Other Dec. performances: Virginia (Williamsburg)
Upcoming Jan. 2014 performances: GA (Atlanta); VA (Aldie, Middleburg, Purcellville, Williamsburg, Norfolk), WV (Nellis)
Is it okay to change the truth of a personal story’s ending? For instance saying, “the ending is not what I wanted it to be, so I’ll make it more…inspirational, funny, or adventurous.” I have heard some storytellers say that it’s fine to take some liberties with the truth. I just read a comment quoted from Kendall Haven (and I am paraphrasing, since I can’t find the original), “I am telling the truth as it was supposed to have happened”. Others are purist to nth degree.
[Short side note: I think Kendall Haven is amazing, www.kendallhaven.com. He would never remember me, but early when I started on the road he encouraged me and I will never forget that. Amazing speaker. Intelligentsia of Storytelling. Read his book “Story Proof”.]
When I tell a personal story, I try hard to keep it to the truth….as I know it. If you ask my sister, my parents or my son if certain stories I tell are truthful, they will say “not always”. My sister says I exaggerate so much, she never knows the truth. [Remember she is my “baby” sister, and not always to be believed. J] However, upon further dissection, when I ask her about a story, she has some of the same elements, just told through different eyes.
The other side of that is, she (and the rest of my family) tell stories that I don’t remember at all. I have tried to plunge into my mind’s depths and I come up empty on their story. [Stop, don’t go there: I don’t have just emptiness in my mind’s depth.] Sometimes one of them will tell a story that they feel I should definitely know and I’m clueless. Does that make their story a fabrication? No, because what is important to one person is irrelevant, or so disturbing or embarrassing to be remembered. (I don’t have any embarrassing moments in my life…..at least that I remember.)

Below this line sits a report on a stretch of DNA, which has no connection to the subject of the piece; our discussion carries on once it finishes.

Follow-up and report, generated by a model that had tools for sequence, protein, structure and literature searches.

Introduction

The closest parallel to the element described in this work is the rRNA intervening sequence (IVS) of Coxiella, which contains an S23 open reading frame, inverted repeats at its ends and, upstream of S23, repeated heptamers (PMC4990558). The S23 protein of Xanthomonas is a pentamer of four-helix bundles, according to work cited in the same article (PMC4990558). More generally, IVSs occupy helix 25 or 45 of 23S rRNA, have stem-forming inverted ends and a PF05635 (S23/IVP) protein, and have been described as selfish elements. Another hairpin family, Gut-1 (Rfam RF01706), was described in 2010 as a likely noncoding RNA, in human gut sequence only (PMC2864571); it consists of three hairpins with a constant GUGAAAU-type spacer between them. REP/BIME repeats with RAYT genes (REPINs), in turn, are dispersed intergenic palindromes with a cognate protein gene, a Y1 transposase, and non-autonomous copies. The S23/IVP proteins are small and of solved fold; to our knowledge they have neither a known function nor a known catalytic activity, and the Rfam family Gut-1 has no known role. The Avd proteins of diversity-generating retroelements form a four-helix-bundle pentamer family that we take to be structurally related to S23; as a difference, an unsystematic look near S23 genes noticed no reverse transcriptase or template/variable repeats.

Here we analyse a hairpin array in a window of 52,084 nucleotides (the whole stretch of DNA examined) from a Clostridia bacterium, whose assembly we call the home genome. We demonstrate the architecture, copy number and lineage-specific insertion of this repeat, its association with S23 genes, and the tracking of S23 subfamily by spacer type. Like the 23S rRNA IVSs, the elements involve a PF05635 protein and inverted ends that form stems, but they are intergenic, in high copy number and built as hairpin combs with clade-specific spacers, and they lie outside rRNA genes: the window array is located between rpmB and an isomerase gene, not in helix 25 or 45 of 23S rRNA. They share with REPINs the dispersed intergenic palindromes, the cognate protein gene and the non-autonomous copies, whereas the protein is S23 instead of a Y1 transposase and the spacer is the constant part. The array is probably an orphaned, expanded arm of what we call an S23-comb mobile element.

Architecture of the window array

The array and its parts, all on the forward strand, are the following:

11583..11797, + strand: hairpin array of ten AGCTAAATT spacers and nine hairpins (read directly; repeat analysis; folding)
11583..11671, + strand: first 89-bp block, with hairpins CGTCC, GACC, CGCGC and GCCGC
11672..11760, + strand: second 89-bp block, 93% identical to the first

Let me be more specific. On my most recent CD I share my personal story about meeting children for the first time at an orphanage in Vietnam*. The story ends with a good feeling, because that is where I chose to end it. I didn’t end it at the point when my missions team colleagues found out that the children had been initially afraid of me, and they were distressed. I didn’t like that ending, there was too much explanation needed. Or I could have changed the ending to have a more “Kumbayah” moment. However, the ending I chose is just right (at least for me), not everything sewed up tight, but a satisfied smile.
The truth is not always flashy, it’s not always funny, it sometimes makes us look bad. However, that truth sharing could be just what someone else needs to learn. And if we really are struggling with how a story ends, well, go and listen to my friend, and one of storytelling heroes, Bil Lepp, and make your story the great tall tale. Only a “Half-Dollar” of truth needed in a tall tale. Enjoy my truthless (except maybe a few parts), “Malawian Hippo Love Story” http://youtu.be/Iz95311ZYp8
What are your thoughts on changing the end of your stories?
*Oh, and here is "Vietnam Missions Trip: Orphanage". Is it the right ending? http://youtu.be/I524NFKOqTE